We are regular visitors to the Crabtree Pub in Rainville Road and, whenever I am there, I am conscious how few riverside pubs Fulham has compared with Hammersmith. Indeed, I cannot think of any, other than the Crabtree, so I thought I would have a look through the Hammersmith & Fulham Archives to see what we had on its past history. Faulkner in his book, Fulham (1813) observed the village of Crabtree “takes its name from a large crab-tree formerly growing here, and which stood near the public house known by this name”. Fèret’s Fulham Old and New (1900) says in ancient times Crabtree was “an insignificant village consisting of half a dozen houses inhabited by gardeners, brick makers etc together with a small inn.” It is certainly true that in 1666 the Parish Clerk listed only nine names as residents of Crabtree, in 1674 there were 23 and as late as 1739 only 14 were listed.
In the 1760s the pub had been known as ‘The Pot House’ after a pottery operating in the area. It served the market gardens and was on the edge of the land of the last local farmers, the Matyear family. It later changed its name to ‘The Three Jolly Gardeners’ and only later took the name of the area, being known ever since as The Crabtree. In a land survey of 1817, the property was described as “a picturesque old inn in front of which was a small open space enclosed from the river by a wall. Here a few seats were disposed for the use of customers.”
According to Fèret: “An old willow tree grew there. Many years ago an ingenious landlord had hit on the idea of converting its shady branches into a bower; in the midst of which he arranged a table and some seats. Access to this area was via a flight of steps.”
By 1895 it had evidently became a popular haunt with the locals:
And picture postcards and etchings were made of the picturesque inn:
In those days there were numerous taverns along the riverside but this is the only Fulham one to survive, perhaps because of its position on a natural inlet. Its neighbours can be seen in the photograph. To the north was the Maltings established about 1790 by Mr Joseph Attersoll and to the south stood Belle Vue, a house built in 1816 for John and Thomas Scott. Subsequent owners included John Thomas Edwards, a well known dentist and a man of somewhat eccentric habits who kept a wolf at Belle Vue. In 1872 it was taken by Henry Poole of Savile Row and later became the property of Messrs Mears of Crabtree Wharf.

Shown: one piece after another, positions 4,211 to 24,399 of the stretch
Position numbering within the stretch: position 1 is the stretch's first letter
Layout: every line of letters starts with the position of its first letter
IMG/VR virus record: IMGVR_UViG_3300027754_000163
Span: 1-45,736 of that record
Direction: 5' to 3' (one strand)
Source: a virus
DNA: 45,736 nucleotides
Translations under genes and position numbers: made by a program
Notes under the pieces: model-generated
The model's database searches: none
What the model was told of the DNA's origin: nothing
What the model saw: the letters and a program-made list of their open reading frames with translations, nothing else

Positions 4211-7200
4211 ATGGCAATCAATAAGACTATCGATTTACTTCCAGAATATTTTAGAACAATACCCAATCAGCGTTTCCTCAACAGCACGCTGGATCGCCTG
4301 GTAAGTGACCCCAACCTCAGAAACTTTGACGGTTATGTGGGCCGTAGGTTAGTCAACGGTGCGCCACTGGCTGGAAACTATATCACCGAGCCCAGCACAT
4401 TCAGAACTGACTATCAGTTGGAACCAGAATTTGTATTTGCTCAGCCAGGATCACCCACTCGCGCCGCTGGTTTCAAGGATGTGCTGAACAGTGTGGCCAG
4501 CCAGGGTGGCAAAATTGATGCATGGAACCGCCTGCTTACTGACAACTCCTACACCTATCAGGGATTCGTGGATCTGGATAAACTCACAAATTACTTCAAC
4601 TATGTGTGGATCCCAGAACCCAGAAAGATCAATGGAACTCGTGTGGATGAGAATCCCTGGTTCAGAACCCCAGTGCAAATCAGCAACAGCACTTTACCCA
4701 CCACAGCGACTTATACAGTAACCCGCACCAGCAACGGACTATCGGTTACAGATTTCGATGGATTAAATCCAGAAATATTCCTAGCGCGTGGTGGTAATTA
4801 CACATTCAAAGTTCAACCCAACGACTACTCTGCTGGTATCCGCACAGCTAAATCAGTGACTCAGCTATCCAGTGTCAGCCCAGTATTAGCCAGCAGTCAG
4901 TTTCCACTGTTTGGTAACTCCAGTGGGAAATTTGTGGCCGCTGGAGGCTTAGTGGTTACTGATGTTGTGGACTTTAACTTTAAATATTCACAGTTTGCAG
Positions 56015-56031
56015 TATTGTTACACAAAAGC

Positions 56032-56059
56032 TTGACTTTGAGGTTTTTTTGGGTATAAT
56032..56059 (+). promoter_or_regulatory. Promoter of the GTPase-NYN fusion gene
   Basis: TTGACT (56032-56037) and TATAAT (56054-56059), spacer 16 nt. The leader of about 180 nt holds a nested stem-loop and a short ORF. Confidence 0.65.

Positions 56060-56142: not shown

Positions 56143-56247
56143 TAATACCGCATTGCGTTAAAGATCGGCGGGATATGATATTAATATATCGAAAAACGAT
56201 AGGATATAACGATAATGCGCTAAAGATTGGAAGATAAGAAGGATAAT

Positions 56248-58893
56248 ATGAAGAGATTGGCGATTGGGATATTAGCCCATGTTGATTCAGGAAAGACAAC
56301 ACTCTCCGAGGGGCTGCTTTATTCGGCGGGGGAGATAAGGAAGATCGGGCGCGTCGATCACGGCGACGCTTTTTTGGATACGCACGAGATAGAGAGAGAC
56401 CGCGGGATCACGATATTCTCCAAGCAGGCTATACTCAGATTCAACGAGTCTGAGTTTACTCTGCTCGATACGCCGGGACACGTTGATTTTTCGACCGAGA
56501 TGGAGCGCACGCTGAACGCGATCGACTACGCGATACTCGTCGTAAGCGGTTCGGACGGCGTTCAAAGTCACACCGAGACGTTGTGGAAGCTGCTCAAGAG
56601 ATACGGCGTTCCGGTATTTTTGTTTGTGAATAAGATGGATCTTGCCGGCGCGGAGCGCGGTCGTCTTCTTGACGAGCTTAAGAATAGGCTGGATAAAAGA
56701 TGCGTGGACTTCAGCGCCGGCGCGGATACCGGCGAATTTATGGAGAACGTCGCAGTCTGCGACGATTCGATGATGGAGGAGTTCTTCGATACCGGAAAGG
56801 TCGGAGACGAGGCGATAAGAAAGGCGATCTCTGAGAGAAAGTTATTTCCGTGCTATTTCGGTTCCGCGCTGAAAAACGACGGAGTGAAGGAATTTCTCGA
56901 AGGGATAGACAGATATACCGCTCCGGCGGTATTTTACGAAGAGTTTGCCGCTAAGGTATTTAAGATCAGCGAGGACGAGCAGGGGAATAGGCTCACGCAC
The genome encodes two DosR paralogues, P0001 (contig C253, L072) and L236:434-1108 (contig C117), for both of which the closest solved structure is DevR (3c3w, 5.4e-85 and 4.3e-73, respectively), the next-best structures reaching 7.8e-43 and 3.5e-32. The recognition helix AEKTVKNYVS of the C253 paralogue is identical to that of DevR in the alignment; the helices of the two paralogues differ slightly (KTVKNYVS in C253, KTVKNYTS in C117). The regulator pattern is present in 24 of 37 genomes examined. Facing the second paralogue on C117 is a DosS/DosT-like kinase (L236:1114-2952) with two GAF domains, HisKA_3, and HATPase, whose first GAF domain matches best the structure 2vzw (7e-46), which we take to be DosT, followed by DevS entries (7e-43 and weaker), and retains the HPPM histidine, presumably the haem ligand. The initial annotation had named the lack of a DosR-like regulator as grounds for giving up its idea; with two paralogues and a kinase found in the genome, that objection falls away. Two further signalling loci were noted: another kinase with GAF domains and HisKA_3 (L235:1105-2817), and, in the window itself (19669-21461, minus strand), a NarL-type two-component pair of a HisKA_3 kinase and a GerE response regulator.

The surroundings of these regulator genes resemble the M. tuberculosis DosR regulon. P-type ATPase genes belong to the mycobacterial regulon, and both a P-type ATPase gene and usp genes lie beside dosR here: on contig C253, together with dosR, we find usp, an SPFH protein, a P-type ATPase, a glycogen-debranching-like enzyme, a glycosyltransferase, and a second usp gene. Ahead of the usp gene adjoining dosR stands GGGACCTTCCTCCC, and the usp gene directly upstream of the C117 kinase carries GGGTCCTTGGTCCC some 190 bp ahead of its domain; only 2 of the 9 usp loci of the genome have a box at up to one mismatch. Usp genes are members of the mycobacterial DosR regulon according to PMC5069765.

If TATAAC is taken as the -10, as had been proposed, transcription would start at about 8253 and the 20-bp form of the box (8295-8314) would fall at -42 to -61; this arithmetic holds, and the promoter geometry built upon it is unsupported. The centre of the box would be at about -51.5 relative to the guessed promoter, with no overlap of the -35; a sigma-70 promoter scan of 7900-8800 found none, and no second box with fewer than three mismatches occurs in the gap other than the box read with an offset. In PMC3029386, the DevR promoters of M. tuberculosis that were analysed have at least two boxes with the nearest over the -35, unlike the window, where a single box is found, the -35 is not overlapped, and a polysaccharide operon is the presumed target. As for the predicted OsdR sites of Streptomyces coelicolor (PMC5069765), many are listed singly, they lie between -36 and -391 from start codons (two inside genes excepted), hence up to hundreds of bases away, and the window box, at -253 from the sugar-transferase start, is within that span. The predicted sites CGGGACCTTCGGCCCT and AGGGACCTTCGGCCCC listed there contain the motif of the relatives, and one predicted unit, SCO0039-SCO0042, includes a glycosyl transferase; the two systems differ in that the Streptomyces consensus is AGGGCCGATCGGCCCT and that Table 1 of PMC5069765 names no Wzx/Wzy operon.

The new Crabtree pub was rebuilt in 1898. It was on the same site and shared the same relationship with the river, being next to a beach and overhung by a willow tree but it was far larger than its predecessor and had pretentions as a hotel. It was described: “a large and commodious hotel now occupies the site. … It contains a spacious billiard room and a large room available for concerts and public meetings”. However there was obviously some concern at losing the old pubs as can be seen in the following newspaper item “Our Vanishing Hostelries “ from the Daily Graphic in 1897:
When the last Matyear died in 1910 he left his land to the King Edward VII Hospital Fund who sold it on to local developers Allen and Norris. Building work began on the ‘Crabtree Lane Estate’ the following year. The Crabtree was soon in the centre of a populated area. It celebrated the 1937 coronation with a children’s party:
The present structure has not changed much since 1962:
Fiona Fowler, Hammersmith and Fulham Archives volunteer